Making Your Own Pads of Paper
I just successfully used the method described below to create my own pad of paper. It's cheap, easy and fast!
On the downside, the website where I originally saw this is now charging $7.00 for their instructions. On the upside, I'd copied them into Evernote long ago, when they were free. On the downside, I don't have their nice pictures to show how it's done. On the upside, it's easy enough that simple descriptions will be enough. Believe me, this will take longer to describe than to do, and if needed, I can take photos and load them later.
I also didn't follow the instructions exactly, more about what I did different at the end.
What you'll need:
Stack of paper
Cardboard pad backing (optional)
Cotton ball or cotton cosmetic pad
Woodworking clamps and a length of thin wood longer than the edge to be bound
*-*-* or *-*-*
Straight table edge and a heavy flat weight (like a telephone book)
Note: I needed the cardboard backing because my pad slips into a portfolio. Not having anything handy, I trimmed down a double thickness of file folder and used that. It's big enough to slip into the slot of my portfolio and hold the pad securely.
1. Get the paper and cardboard backing nice and even along the edge to be bound.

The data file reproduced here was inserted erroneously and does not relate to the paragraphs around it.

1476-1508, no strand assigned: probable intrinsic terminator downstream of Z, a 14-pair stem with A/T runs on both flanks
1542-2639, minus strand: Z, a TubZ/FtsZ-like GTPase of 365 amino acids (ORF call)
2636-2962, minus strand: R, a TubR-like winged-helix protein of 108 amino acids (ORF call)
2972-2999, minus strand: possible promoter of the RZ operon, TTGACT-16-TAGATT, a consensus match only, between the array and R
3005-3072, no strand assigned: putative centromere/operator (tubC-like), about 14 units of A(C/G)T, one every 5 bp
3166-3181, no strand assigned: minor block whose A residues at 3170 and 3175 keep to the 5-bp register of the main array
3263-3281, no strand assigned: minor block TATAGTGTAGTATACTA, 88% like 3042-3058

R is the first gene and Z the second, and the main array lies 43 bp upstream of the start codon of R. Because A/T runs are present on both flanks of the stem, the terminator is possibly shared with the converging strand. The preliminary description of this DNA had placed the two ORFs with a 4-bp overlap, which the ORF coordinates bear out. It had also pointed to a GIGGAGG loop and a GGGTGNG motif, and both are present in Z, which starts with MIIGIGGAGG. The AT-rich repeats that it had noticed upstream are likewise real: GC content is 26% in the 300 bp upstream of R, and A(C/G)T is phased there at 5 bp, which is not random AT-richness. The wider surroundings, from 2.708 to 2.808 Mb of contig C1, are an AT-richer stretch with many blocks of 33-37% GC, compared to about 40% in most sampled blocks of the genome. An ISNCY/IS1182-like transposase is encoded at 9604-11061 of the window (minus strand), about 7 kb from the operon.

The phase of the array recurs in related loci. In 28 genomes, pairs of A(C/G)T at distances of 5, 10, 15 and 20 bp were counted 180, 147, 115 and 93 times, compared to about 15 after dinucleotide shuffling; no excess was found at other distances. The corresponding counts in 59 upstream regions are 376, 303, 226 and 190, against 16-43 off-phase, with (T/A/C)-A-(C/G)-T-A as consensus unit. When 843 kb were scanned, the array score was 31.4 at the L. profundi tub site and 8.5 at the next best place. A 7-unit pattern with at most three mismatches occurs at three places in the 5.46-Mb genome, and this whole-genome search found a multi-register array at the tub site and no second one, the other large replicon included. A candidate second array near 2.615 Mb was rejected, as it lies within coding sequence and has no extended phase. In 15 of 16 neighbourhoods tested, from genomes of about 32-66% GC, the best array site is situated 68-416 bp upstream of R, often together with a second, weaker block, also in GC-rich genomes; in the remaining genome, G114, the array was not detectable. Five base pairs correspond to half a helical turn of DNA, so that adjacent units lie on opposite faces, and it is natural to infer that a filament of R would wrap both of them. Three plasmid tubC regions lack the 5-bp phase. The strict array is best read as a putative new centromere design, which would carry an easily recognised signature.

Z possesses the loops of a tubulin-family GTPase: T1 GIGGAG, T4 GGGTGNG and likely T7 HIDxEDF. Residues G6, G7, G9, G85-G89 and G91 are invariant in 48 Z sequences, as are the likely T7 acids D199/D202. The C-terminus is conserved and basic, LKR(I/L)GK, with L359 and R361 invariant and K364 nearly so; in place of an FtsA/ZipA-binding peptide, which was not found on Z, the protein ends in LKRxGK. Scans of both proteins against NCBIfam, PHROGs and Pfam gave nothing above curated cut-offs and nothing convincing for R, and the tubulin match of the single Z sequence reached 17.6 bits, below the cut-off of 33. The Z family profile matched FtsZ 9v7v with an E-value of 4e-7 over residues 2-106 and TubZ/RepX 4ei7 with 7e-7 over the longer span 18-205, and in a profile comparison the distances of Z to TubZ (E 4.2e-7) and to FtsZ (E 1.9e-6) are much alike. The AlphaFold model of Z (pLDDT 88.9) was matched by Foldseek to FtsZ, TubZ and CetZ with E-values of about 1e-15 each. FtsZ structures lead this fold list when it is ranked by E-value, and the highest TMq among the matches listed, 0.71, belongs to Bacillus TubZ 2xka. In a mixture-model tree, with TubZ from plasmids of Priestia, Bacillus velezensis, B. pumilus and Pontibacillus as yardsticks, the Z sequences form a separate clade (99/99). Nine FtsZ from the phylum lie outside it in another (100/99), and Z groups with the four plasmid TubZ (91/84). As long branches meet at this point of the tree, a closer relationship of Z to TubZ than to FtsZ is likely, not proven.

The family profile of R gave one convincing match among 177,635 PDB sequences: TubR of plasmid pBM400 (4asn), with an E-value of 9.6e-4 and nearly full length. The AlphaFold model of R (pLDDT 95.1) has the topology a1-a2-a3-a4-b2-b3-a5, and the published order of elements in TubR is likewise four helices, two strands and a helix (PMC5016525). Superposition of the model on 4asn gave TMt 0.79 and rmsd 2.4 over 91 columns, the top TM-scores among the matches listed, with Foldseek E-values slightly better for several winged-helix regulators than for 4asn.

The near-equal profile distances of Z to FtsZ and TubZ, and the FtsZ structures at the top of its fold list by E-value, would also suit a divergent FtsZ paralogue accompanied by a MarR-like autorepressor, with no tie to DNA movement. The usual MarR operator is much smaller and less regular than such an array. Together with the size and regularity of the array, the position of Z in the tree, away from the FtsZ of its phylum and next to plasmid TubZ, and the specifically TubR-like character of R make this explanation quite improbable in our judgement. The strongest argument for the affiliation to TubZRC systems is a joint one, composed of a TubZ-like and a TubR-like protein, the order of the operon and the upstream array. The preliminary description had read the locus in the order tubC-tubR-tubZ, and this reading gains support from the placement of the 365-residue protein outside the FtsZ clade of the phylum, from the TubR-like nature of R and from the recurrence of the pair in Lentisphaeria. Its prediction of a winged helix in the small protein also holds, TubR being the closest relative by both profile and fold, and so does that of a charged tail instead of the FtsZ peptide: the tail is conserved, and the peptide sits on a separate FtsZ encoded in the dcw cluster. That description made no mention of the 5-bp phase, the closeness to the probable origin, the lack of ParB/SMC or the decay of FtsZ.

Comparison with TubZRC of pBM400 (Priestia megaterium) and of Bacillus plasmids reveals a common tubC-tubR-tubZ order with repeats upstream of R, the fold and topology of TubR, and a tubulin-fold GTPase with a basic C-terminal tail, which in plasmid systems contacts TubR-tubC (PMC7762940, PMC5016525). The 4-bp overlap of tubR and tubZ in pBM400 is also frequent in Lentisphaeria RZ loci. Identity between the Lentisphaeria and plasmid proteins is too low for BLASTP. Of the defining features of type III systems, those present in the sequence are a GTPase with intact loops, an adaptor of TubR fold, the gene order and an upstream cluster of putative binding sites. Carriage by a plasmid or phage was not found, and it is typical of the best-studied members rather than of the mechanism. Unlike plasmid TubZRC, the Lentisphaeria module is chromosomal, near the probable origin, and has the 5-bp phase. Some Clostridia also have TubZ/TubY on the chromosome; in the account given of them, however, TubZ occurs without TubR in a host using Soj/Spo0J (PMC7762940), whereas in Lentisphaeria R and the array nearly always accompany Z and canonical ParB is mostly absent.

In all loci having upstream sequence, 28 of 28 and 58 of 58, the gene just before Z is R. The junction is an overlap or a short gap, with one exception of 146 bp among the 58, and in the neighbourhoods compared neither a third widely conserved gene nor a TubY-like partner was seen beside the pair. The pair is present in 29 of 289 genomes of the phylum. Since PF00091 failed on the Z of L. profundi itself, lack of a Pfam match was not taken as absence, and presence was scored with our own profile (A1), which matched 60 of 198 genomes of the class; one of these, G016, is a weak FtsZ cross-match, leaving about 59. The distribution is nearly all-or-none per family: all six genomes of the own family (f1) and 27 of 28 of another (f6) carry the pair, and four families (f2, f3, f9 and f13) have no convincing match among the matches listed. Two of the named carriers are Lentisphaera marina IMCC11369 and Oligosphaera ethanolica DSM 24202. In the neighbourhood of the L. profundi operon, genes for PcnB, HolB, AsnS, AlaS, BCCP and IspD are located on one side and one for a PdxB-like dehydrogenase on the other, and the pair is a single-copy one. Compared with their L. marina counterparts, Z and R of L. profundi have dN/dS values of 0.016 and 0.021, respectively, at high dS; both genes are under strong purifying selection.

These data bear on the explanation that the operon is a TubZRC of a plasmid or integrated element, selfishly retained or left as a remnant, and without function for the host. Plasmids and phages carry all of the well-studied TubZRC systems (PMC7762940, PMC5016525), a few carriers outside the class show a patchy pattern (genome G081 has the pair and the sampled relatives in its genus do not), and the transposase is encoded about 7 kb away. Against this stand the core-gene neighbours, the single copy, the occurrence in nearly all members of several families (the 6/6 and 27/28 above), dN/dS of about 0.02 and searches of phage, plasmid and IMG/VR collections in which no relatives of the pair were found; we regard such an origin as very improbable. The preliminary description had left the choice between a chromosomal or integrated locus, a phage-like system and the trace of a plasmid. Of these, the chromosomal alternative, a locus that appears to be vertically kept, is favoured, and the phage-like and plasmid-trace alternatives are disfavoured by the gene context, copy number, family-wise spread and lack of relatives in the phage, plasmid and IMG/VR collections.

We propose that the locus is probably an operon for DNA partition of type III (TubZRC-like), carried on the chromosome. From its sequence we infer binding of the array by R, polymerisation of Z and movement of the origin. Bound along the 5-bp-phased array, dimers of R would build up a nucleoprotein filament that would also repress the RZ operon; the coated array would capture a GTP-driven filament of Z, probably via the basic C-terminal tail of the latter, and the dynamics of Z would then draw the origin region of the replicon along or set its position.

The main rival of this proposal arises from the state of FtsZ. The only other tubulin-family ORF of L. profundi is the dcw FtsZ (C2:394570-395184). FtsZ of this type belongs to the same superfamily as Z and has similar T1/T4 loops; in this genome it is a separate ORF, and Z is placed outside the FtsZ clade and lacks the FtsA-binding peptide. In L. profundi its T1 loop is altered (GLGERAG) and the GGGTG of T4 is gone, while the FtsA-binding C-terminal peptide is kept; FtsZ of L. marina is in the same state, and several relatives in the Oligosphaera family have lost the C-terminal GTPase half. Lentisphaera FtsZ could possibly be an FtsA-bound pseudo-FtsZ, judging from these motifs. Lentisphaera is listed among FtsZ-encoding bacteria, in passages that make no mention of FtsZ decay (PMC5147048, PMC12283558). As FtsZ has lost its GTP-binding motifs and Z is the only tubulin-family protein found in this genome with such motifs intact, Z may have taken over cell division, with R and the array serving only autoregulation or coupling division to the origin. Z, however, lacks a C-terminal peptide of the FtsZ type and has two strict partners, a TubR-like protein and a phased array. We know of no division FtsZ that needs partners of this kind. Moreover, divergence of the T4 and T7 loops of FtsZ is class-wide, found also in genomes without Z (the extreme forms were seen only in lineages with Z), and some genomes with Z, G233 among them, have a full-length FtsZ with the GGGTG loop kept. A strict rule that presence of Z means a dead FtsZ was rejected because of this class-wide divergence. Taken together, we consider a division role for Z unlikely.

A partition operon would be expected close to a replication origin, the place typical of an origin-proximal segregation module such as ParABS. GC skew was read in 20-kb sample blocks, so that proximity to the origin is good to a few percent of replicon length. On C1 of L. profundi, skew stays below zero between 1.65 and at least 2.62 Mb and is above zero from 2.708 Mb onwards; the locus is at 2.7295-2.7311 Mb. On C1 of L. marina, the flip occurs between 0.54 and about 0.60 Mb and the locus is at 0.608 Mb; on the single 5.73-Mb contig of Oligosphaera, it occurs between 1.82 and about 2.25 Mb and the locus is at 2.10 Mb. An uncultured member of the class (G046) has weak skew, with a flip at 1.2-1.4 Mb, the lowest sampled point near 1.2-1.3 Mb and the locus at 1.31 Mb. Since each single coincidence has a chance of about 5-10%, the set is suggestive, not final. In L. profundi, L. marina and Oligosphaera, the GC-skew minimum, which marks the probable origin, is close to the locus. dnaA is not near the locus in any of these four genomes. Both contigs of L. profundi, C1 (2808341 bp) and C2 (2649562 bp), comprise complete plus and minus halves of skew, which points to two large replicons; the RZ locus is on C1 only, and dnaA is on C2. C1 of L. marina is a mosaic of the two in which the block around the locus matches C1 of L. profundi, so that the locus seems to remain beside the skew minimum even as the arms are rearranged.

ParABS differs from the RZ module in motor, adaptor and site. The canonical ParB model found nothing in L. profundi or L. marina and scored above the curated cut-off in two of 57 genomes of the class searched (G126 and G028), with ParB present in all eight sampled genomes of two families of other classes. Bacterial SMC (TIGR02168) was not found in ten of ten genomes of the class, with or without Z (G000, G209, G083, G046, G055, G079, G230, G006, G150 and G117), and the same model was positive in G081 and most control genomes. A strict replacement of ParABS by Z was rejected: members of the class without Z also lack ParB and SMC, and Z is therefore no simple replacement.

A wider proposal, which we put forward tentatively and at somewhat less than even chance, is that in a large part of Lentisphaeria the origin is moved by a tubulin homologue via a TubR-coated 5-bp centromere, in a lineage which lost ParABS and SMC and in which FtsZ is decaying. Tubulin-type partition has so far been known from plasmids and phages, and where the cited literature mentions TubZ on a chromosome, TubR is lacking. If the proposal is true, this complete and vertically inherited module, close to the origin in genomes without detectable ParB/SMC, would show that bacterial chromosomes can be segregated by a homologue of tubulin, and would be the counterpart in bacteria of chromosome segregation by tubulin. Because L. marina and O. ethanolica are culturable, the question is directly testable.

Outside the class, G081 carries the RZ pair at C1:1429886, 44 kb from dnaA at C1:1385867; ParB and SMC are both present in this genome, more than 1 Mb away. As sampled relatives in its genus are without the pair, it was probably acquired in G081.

I was able to use a clipboard to hold the paper, leaving the edge to be bound hanging over the side of the clipboard by about 1/2 inch (1.25 cm or so). Next, I clamped a length of 1x2 wood across the paper, along the edge of the clipboard, to hold the paper tight for binding. The idea is to compress the edge of the stack together before applying the glue.
Alternately, you can carefully place the stack of paper on the edge of a flat surface, leaving that same sort of overhang. Put a heavy book on it, right along the edge of the table, to hold the edge of the stack tight.
2. Take a wet cotton ball and run it along the edge of the paper to be bound. It doesn't have to be dripping, but make a couple of passes to make sure it's damp.
3. Squeeze the cotton ball dry, then apply some Gorilla Glue to the cotton ball and run that along the edge of the paper. Give it a couple of careful swipes to make sure you get the entire length. You don't need much glue!
4. Take a nap. Oh wait, that's me. You can just do something else for an hour or so.
5. All done! When you unclamp/remove the heavy book/whatever clever thing you did, you'll find that you now have a pad of paper! I test tore a sheet free from mine, and it seems to work pretty well. Perhaps a bit of care when removing a sheet to prevent tearing the paper, because that Gorilla Glue is strong.
I now have a beautiful pad of Cornell-style gridded note paper, with my name printed in the upper corner of each sheet. And now that I know this works, I can do it with some better quality paper too.
I spent less than $5.00 for the glue, and if I only use it for this it'll be a near lifetime supply.
The original site recommended building a simple jig to hold the paper straight. It was basically a flat board with two short pieces of wood attached at 90 degree angles, and two holes near the edge so that you could use bolts and wingnuts to clamp the paper tightly. If I find myself doing this often for a particular size, I'll probably knock one together, or figure out how to make it somewhat adjustable for a couple of sizes (like sheet and half-sheet).